It is somewhat ironic, that whilst the curriculum reform agenda is pushing for a depth as opposed to a breadth of understanding, the NSW Government is opposed to the idea of a child becoming an expert in printmaking – “this can be included in visual arts”. I would have thought that 100 hours of printmaking – which can include nine main types, and a multitude of subtypes – would actually model deep learning and provide students with practical skills. Disturbingly, even though the  Alice Springs (Mparntwe) Declaration expresses a desire for “all learners to explore and build on their individual abilities, interests, and experiences”, the recent curriculum review decision seems to contradict this. 

What is core curriculum anyhow?

The elective decision also raises the question of what is ‘core’ curriculum. A blanket rule with this decision was that all languages were to be retained. The result of this is that some subjects with very low enrolments are protected (such as Sanskrit), whilst subjects with large enrolments (Physical Activity and Sports Studies – CEC) are potentially listed as electives to be ‘cleared out’. The weight of evidence supporting the idea that educational outcomes are better for students who have access to a broad curriculum is enormous. Furthermore, it is the students who need it most, who are the ones in danger of missing out. The Alice Springs (Mparntwe) Declaration states that students, whilst needing the fundamental skills of literacy and numeracy, also require learning in other domains. The study of elective subjects can contribute to this learning. Often through the well-being and motivational benefits this brings, a student’s overall learning is supported. It is clear that there is an academic hierarchy in NSW; however, a blanket decision to remove electives won’t fix it. A better solution would be using the knowledge of teachers evidenced in designing and writing some of the outstanding Endorsed Courses available for everyone. Philosophy anyone?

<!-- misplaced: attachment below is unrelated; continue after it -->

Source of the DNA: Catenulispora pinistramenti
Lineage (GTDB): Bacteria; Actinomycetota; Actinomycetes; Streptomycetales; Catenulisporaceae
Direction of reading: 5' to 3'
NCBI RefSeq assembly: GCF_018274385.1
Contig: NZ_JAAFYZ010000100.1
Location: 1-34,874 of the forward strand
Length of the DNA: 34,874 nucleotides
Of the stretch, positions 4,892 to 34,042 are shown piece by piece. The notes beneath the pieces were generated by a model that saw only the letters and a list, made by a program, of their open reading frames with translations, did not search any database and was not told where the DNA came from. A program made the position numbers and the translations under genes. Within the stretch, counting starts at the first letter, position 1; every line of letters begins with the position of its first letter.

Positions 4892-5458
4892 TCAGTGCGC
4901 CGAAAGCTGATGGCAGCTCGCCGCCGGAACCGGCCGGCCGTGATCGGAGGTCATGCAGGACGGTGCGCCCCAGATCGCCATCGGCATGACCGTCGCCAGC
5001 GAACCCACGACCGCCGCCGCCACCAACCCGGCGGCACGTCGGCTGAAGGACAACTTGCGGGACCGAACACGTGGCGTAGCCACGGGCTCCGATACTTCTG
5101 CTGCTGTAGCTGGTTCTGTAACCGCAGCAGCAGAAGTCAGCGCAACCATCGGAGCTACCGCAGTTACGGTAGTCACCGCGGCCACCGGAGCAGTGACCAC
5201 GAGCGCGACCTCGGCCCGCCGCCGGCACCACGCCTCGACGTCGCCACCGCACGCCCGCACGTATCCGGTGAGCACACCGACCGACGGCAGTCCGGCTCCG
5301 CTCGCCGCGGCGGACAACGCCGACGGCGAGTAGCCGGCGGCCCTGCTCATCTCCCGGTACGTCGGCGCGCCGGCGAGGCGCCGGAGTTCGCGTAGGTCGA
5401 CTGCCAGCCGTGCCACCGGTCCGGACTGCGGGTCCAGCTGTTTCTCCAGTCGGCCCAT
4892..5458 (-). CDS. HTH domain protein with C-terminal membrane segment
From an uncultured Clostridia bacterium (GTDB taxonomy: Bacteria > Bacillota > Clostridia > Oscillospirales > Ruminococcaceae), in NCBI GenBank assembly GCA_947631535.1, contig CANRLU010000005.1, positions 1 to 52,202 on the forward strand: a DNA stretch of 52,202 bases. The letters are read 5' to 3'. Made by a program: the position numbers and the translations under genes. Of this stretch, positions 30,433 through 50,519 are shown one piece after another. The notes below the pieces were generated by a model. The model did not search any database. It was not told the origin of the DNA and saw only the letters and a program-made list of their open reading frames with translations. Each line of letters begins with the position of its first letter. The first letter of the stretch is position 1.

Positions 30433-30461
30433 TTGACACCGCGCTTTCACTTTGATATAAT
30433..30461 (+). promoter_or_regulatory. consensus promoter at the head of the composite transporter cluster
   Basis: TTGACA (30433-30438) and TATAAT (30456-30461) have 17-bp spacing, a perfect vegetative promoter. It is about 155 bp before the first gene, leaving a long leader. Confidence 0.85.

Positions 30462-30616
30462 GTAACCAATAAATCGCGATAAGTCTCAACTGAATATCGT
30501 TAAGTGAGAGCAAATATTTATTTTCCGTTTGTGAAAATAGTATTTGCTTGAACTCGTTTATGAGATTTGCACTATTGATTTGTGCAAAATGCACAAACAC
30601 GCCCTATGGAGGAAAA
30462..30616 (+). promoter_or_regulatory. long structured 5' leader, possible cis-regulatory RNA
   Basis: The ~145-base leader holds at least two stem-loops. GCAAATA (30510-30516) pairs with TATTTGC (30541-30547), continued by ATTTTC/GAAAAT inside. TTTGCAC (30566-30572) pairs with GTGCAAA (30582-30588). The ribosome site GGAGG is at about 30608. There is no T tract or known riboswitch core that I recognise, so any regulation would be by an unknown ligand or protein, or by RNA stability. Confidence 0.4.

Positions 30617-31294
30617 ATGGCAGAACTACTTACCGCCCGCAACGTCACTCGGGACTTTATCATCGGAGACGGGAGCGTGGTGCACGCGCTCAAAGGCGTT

Debra Batley is a high school music teacher in North Western NSW. She is a current doctoral student at UNSW and her research area is in educational equity and its interaction with creative arts curriculum. In 2017-2019 with funding from AIS NSW she completed a 2 year long school based research project, examining the impact school based music tuition could have as a remediation tool for older readers who were not meeting stage outcomes. Debra is also the Chair of ASME NSW and is a passionate advocate for high quality music education for all students.

Republish this article for free, online or in print, under Creative Commons licence.

One thought on “Curriculum review: where was NESA’s consultation?

  1. I suggest it would be useful to publish a list of the elective subjects to be abolished, and an alternative approach which could could be used to retain these, while achieving the Government’s objective to “… provide students with strong foundations for future learning and life beyond school.”. This could include the point that old 3 Rs (reading, ‘riting and ‘rithmetic) are not enough for the 21st century.